It has been shown for many connective tissue types that substrate orientation can control collagen and ECM deposition. This has been used to engineer tissues with aligned fibril structures such as tendon. In cortical bone, collagen is organised into a lamellar structure with highly aligned collagen sheets packed into a “twisted plywood” configuration, however, reproducing this in vitro proves challenging. In a previous unpublished study within our laboratory, mature late-osteoblast-like cells, MLO-A5, cultured on aligned polyurethane fibres deposited collagen along the direction of the fibres. Above the scaffold, collagen was deposited in a direction offset to the initial layer, continuing in subsequent layers, creating a lamellae-like twisted-plywood structure. In this study we aimed to test whether human cells at an early stage of osteogenic differentiation would deposit collagen exhibiting a twisted plywood deposition behaviour, therefore providing a model system of laboratory-grown lamellae for use as a model of bone formation.
Aligned and non-aligned polycaprolactone (PCL) fibers were fabricated by electrospinning and treated with air plasma. hTERT Y201 immortalised human MSCs  were seeded directly onto the scaffolds and supplemented with osteogenic induction media. On days 14, 21 and 28 collagen was imaged using second harmonic generation (SHG). Collagen alignment was analysed using the ImageJ “Directionality'' Plug-in. Samples were also stained for calcium and collagen deposition using Alizarin Red stain (ARS) and Sirius Red stain (SRS).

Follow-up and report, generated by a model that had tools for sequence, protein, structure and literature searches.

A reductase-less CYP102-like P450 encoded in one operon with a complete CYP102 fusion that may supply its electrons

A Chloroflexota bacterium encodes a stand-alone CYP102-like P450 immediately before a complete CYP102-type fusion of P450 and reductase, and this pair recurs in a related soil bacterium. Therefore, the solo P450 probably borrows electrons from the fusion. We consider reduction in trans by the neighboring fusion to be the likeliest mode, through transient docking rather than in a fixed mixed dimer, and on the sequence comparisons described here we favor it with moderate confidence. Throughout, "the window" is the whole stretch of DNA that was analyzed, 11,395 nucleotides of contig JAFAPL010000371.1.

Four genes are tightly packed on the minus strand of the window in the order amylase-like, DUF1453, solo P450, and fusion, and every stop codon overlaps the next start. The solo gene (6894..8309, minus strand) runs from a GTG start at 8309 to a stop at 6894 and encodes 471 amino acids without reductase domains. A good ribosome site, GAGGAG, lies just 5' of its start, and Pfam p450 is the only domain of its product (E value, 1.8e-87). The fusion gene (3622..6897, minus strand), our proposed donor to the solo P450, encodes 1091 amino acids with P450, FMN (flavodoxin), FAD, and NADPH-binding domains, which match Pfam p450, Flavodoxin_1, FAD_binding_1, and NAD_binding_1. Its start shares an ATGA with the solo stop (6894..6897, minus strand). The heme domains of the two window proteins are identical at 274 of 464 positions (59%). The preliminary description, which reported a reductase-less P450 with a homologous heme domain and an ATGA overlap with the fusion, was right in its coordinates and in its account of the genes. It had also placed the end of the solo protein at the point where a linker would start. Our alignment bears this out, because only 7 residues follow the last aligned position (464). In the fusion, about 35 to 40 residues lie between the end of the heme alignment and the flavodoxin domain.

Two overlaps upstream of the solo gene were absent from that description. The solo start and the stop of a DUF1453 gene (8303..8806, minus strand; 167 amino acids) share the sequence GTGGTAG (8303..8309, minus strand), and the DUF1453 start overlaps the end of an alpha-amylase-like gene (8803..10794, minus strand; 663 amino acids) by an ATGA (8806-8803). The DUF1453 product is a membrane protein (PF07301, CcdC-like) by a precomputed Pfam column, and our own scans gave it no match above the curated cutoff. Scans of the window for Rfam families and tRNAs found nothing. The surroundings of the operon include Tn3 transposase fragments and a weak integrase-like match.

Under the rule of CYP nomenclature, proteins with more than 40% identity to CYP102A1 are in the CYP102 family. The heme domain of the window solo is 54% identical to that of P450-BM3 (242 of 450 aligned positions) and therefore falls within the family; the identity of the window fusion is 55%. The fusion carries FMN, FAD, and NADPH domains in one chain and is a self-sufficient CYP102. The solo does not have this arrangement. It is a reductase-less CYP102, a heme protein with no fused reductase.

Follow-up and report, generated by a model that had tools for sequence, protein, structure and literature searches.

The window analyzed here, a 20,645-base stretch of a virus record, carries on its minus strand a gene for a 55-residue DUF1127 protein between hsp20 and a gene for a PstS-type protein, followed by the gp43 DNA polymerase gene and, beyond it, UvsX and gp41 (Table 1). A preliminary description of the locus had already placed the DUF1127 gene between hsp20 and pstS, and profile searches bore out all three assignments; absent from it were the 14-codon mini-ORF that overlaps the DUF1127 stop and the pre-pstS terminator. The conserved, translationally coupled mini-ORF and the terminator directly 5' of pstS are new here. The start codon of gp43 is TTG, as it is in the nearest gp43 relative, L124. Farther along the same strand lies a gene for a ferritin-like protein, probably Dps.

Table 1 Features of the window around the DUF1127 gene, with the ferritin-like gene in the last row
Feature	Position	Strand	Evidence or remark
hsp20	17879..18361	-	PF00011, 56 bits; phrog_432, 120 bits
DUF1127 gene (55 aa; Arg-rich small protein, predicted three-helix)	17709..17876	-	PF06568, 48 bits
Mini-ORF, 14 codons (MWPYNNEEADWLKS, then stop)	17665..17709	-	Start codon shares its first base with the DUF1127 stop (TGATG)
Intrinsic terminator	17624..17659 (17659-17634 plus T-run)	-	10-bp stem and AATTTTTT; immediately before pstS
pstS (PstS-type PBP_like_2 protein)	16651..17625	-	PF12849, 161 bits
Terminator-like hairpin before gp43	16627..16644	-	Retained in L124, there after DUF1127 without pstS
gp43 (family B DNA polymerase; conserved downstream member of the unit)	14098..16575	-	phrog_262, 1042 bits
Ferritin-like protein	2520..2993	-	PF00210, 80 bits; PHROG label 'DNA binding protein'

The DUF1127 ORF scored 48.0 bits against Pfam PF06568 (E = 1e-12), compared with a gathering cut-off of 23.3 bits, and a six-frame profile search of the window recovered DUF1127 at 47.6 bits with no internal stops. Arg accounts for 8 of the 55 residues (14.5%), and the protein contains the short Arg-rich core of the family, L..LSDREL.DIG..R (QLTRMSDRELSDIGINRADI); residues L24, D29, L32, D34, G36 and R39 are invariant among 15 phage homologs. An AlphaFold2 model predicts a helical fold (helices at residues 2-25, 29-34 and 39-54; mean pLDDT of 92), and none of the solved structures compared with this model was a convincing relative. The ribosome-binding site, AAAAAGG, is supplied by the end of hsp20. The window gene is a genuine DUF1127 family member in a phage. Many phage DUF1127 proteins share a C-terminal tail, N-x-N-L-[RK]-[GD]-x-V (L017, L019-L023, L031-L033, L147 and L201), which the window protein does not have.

Collagen was initially shown to orientate along the direction of the aligned PCL fibres. By D21 orientation patterns that varied with depth could be observed, with collagen layers having a twist in the anti-clockwise direction, compared with their substrate layer with an average change in orientation of 16.53° ± 13.22. By D28, the orientation had shifted from the initial direction of the PCL fibres by 53.1° ± 15.6. For non-aligned scaffolds there was no noticeable collagen directionality, or difference between layers. Mineral and collagen staining showed that there were no significant differences in overall quantity of matrix produced within either scaffold type.
Attempts to tissue engineer bone generally result in a disorganised matrix, comparable to that of woven bone or a healing fracture. In this work, it was shown a possibility to guide the collagen into a structure comparable to the cortical bone lamallae. Interestingly examinations of lamellae organisation have shown periodicities of about 5-7µm, and gradual change of fibril direction, varying from 10-60° from the orientation of the lamellae at the osteon’s centre. Within this work, the change in collagen direction also remained within this range, but occurred over larger depths of 35-45µm . Further work should explore the mechanisms, as this may provide an insight into how collagen organises into tissue-specific structures.
 S. James et al., Stem Cell Reports, vol. 4, no. 6. 1004–1015 (2015).
This project has received funding from the EU’s Horizon 2020 research and innovation programme H2020-MSCA-RISE (grant agreement No 777926 – NanoSurf”) and The EPSRC on a doctoral training account (EP/R513313/1) from the department of Materials Science and Engineering, University of Sheffield.